A "Winds of Change" Story
"Jim!" I jumped in my chair, my attention finally snapped back to the outside world. Mrs. Durhst had obviously called my name several times before getting through.
"Uh, yeah?" I asked. The class tittered.
"Your test?" She prompted, holding it up in her flipper-like wing.
"Oh, yeah!" I hurriedly got up and went to retrieve it. Then I retreated to my desk at the back of the room, glancing quickly to Michael as I went. He grinned good naturedly and shrugged, so I grinned back. Then I sat down again and returned to my thoughts, absently scratching my wrist while I stared into space.
Everything was changing. I had known it was coming, of course; I'd known since before we'd moved here. I should have been prepared when my friends finally started turning into animals. But I wasn't. I had somehow thought that at long last I'd found stability, a place that wouldn't suddenly be pulled out from under my feet one day. My family had a steady income, a house to live in, there weren't any riots or fires any more.
But it was all unstable; everyone Changed. I had tried to savor my last years as a human, with my human friends, but somehow it didn't feel like it had been enough. I wanted everything to stay exactly as it was, dammit! I didn't care if I never got out of high school, if everything would just stay the way it was...
I flinched again as the end-of-period bell rang, and then I began reluctantly stuffing books into my backpack while the rest of class else began shuffling out into the packed hallway. They, of course had been watching the clock, eagerly waiting for the end of Math. I'd been busy with other things.
Michael came over to my desk just as I finished packing my stuff and got up to head out. "Are you okay?" He asked with a hint of real concern.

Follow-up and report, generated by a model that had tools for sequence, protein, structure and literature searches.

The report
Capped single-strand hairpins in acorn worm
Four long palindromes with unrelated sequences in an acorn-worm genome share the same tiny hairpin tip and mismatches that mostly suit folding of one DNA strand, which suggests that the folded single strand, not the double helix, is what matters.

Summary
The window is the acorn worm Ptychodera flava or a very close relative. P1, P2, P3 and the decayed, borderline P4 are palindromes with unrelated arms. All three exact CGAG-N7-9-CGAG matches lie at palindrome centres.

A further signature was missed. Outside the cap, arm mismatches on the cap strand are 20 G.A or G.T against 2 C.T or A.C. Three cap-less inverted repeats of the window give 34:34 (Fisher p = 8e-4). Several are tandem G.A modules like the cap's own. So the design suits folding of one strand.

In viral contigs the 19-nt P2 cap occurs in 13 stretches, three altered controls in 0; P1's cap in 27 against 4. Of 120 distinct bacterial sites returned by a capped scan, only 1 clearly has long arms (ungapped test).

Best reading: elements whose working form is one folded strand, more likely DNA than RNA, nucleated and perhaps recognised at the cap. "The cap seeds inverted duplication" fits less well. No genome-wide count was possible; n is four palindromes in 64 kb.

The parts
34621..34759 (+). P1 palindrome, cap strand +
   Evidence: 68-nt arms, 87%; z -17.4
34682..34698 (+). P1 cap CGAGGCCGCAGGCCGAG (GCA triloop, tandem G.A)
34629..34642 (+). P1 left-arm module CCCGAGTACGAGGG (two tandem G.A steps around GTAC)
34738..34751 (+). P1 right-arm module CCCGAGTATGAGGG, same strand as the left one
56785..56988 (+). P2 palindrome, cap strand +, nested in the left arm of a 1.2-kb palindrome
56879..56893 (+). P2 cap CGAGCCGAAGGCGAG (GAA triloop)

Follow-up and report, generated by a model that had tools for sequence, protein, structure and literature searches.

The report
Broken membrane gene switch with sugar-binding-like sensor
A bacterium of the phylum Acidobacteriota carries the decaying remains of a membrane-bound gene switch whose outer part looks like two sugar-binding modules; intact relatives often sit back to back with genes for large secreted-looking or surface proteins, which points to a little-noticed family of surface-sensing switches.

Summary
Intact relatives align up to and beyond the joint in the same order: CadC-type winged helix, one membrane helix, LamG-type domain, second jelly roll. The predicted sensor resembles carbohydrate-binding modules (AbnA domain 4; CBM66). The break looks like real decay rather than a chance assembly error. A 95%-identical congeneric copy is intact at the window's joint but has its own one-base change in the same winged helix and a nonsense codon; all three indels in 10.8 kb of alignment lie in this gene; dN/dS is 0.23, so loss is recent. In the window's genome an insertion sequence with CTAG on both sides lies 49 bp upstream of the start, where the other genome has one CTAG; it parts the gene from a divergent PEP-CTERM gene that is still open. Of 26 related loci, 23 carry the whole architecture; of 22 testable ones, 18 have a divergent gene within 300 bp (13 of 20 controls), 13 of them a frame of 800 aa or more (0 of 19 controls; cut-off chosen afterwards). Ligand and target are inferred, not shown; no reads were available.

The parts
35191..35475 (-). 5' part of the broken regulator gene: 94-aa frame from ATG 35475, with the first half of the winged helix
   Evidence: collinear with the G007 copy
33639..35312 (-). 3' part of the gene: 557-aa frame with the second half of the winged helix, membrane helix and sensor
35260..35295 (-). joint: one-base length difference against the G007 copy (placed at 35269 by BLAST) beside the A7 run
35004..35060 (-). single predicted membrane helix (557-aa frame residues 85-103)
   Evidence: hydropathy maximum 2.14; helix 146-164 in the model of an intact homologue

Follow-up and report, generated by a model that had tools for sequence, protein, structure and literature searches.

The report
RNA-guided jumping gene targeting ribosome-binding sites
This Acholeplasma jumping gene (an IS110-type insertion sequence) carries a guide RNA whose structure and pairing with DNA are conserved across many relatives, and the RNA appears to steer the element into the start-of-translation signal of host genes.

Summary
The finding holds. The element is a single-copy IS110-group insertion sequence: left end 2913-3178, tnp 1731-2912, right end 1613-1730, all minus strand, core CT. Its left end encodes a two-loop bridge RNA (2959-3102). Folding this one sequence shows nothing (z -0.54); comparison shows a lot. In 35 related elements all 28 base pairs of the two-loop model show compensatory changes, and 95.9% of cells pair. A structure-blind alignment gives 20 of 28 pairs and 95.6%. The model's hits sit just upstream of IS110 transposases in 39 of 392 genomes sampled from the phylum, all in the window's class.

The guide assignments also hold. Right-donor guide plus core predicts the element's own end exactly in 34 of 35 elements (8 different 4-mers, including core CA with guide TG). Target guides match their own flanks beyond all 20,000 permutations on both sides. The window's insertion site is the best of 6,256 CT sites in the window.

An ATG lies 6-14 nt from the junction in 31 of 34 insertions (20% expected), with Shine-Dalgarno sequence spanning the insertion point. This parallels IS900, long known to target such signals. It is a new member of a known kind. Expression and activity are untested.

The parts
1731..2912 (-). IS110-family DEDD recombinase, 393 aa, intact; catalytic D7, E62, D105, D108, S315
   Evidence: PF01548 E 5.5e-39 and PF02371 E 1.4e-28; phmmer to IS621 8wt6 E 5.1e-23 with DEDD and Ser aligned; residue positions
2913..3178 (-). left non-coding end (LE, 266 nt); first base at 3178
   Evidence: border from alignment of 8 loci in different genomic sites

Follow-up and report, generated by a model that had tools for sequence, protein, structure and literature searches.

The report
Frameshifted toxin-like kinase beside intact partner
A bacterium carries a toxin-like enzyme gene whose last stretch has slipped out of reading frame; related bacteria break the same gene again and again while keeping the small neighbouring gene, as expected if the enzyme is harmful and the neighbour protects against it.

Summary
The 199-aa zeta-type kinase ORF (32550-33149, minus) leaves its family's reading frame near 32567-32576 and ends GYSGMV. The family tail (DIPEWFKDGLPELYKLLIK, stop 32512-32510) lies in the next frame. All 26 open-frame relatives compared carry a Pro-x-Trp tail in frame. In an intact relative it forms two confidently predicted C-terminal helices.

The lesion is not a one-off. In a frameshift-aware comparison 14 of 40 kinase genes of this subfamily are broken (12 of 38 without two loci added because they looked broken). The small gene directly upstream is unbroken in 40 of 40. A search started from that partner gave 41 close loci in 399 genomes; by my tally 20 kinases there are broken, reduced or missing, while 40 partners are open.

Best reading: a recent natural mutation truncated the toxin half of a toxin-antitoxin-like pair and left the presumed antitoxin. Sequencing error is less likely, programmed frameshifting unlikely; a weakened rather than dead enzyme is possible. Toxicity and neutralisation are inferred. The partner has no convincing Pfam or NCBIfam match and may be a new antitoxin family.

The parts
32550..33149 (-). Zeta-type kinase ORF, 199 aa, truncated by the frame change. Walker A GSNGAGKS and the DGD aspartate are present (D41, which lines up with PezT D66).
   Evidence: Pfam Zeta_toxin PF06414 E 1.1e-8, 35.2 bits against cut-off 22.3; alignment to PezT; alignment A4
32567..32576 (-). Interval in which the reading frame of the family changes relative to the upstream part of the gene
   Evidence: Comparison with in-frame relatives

I shrugged nonchalantly. "Yeah, I'm still just a little shaken by Todd's Change, that's all."
Michael nodded. "Yeah, he seemed pretty shaken by it too. So, what'd you get on the test?"
"Test? Oh, the test!" I started rummaging around in my backpack for it; I'd put it away without looking.
Michael sighed, a sound halfway between exasperation and laughter. "And I thought you loved math," he mused. "Come on, don't tell me Todd shook you up that much. Raccoon's not bad."
I shrugged again. "It's not just Todd, it's this whole thing, you know?"
Michael nodded. "Yeah, I know what you mean. My mom's making me go to a change doctor already, after school today. I think she'd see a First Sign if I coughed."
I nervously tried to scratch an itch that was crawling down the small of my back. I'd cried wolf a couple of times already myself, and I tried hard to remind myself that the itch was probably psychosomatic; when my First Sign finally came, it would be obviously visible just like my friends' signs were.
Michael and I quickly showed each other our tests, and then Michael hurried out into the hall to get to his next class while I repacked my bag again. I was the last student in the room; for some reason everyone was always eager to get out of math class. I didn't see the hurry myself, I liked it just fine.